Categories
Bid process

The Great Exec Summary Debate

We ran a poll on LinkedIn this week asking at what point bid professionals write their Executive Summaries. The options were: before the RFP is released, after the RFP is released but prior to the bid kick off, when the bid draft is 90% or fully completed, or at another point (inviting comments). There were 127 votes, and the results made for interesting reading!

The majority (65%) said they write the Exec Summary when the bid draft is almost or fully complete. A combined 24% said it was either before or just after the RFP release – either way, before any “full on” bid work has commenced. For those respondents who said it was at another point (10%), some insightful comments were shared:

  • After bid launch, while the strategy is evolving.
  • Ideally during and after first draft is finished…[it] should be written by the person directly in contact with the customer.
  • Before, then again on receipt of tender and again at 90% / red review…you always discover something throughout the process.
  • Before the first technical review.
  • After the Pink Team review, when I have a full sense of all the challenges of the project.

Although almost two-thirds of respondents said they write the Exec Summary towards the end of the process, best practice is actually to write the Exec Summary before the RFP is released, or as early as possible in the bid planning stage. Does that surprise those of you who leave it until the end?

According to the APMP Body of Knowledge (BOK) “a draft executive summary should be developed early during the opportunity/capture planning phase. It provides a roadmap for the rest of the opportunity/capture plan.” The BOK suggests the Exec Summary should be drafted by (and owned throughout the process by) the Opportunity Manager*, since they are often closest to the customer – as suggested by one of the responses in our poll. It should be part of the ‘pack’ brought to bid decision gate reviews and the bid kick-off, and used to gain senior internal approval for the bid approach.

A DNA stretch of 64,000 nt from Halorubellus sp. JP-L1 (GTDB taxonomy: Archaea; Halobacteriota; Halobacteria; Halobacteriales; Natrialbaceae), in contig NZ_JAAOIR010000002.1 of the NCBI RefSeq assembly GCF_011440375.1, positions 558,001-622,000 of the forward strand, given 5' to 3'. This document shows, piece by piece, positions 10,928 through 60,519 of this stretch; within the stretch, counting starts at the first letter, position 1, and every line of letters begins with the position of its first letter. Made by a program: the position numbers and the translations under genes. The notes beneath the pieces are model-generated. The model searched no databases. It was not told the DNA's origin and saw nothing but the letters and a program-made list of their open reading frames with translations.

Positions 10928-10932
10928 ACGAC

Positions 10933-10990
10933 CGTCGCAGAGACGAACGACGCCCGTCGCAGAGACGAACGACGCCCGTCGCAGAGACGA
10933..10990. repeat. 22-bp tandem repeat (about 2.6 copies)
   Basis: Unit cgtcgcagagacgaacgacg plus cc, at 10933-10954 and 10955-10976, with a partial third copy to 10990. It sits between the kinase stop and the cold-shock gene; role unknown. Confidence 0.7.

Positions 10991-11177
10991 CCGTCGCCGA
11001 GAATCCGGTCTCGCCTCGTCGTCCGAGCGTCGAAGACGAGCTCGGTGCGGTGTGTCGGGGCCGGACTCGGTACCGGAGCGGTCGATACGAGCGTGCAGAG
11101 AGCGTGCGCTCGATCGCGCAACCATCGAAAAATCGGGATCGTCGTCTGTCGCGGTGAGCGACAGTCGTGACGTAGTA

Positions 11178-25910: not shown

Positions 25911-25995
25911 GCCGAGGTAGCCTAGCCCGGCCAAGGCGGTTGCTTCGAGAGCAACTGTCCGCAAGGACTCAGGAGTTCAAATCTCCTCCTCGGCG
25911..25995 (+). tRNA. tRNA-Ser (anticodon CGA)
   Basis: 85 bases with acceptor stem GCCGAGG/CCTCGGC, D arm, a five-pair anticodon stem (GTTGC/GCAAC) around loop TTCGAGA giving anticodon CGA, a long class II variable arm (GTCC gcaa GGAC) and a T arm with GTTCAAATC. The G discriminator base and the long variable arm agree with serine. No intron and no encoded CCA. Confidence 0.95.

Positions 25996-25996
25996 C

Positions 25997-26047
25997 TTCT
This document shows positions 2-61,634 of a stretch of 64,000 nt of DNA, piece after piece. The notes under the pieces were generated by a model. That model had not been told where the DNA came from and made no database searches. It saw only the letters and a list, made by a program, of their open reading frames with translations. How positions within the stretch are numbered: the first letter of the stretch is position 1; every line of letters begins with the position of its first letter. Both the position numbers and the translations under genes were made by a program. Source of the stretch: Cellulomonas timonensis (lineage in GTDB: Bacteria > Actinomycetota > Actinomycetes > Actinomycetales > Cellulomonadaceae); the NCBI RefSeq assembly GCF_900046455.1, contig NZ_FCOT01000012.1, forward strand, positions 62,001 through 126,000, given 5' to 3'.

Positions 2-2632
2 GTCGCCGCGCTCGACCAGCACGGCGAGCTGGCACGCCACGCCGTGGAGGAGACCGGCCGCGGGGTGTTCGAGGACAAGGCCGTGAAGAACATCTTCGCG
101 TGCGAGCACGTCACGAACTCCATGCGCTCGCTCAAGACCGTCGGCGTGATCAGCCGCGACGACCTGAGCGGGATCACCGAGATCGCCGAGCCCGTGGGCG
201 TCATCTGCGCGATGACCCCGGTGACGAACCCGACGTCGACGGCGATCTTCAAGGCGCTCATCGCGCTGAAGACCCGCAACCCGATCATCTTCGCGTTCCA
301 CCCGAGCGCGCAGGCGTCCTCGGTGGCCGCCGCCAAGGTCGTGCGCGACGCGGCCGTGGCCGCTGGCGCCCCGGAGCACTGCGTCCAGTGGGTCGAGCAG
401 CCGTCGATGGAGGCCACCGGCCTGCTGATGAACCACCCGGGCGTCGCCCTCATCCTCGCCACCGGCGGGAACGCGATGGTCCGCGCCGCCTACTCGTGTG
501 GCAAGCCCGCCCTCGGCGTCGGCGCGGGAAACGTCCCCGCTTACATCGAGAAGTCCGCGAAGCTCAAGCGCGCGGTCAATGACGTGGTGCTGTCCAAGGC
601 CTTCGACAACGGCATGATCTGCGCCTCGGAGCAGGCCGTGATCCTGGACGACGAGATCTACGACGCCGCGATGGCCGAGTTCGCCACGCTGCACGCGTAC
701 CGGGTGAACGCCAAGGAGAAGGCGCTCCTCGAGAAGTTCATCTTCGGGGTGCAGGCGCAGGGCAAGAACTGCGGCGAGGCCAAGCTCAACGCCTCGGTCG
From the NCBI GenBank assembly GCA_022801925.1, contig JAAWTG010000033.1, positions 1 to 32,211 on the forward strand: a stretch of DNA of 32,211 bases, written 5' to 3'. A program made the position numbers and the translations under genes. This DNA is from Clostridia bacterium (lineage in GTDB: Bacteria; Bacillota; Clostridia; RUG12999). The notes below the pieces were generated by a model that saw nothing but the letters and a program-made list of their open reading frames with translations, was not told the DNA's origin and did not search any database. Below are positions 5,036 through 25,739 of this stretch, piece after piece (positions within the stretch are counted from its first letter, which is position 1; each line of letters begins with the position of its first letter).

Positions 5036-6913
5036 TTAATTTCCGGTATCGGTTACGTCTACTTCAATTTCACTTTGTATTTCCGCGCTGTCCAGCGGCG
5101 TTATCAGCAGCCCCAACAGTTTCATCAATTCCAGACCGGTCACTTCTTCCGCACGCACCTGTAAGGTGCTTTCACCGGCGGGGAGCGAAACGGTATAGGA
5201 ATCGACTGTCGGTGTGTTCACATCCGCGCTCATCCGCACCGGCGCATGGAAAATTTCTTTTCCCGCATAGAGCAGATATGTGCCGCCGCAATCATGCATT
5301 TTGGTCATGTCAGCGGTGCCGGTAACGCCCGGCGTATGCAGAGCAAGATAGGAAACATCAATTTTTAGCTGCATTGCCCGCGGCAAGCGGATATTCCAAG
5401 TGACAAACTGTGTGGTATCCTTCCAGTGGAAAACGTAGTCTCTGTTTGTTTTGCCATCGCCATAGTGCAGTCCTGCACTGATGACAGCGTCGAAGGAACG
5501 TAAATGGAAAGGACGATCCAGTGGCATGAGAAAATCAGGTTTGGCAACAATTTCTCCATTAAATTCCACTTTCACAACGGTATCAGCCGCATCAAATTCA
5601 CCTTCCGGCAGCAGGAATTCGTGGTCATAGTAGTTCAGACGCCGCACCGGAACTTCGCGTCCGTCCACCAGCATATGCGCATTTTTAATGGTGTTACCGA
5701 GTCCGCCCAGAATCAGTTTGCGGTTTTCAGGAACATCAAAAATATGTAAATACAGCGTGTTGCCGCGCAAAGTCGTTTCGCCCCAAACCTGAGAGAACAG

If you’re not prepared to write the executive summary early, you probably aren’t ready to bid and should consider a no-bid

APMP Body of Knowledge

The timing does make sense. Even at this early stage, you should already know the main benefits and USPs of your solution versus your competitors; and you should know the customer well enough to understand how your solution provides real benefit to them. Of course, there are always those ‘take a punt’ bids you may not have fully prepared for. There may be slight differences between customers in different sectors or those with truly specific requirements; but even then, you should understand your solution well enough to quickly document the benefits and value, and determine whether the opportunity is worth pursuing. The BOK goes further “If you’re not prepared to write the executive summary early, you probably aren’t ready to bid and should consider a no-bid.”

The Exec Summary should, as set out in the BOK and in some of our received comments, drive your bid response strategy, not simply summarise your offering. It should set out your understanding of the customer’s challenges (their “hot buttons”), and put forward your value proposition, key win themes and discriminators to convince the customer to choose you, showing how you’ll meet their challenges. It should demonstrate the benefits of choosing your solution, not the technical components of the solution itself.

[The Exec Summary] should be a concise, persuasive, compelling start to your bid submission

The Exec Summary should provide a baseline to help your bid team write the response, outlining the key messages and benefits to underpin your solution – ensuring even when different people write different sections, the same messaging is used. That means it should be a concise, persuasive, compelling start to your bid submission – clearly showing the customer evaluator why your solution is the best choice, providing benefits specific to their requirements.

That’s not to say you should write the Exec Summary at the start and forget about it. It should be reviewed when the RFP is issued to take account of any new client requirements, and throughout to ensure the right messages are being conveyed or to take account of any solution changes. As some of our poll respondents commented, you always discover something or learn more about the challenges through the bid process.

If you currently leave the Exec Summary until late in the process, try writing it early and see if the process, and submission, is improved. Or if you even continue to bid.

* In your organisation, the Opportunity Manager might be the Account Manager, Client Relationship Manager, Sales Lead or a BD/Bid Manager.

Leave a Reply

Your email address will not be published. Required fields are marked *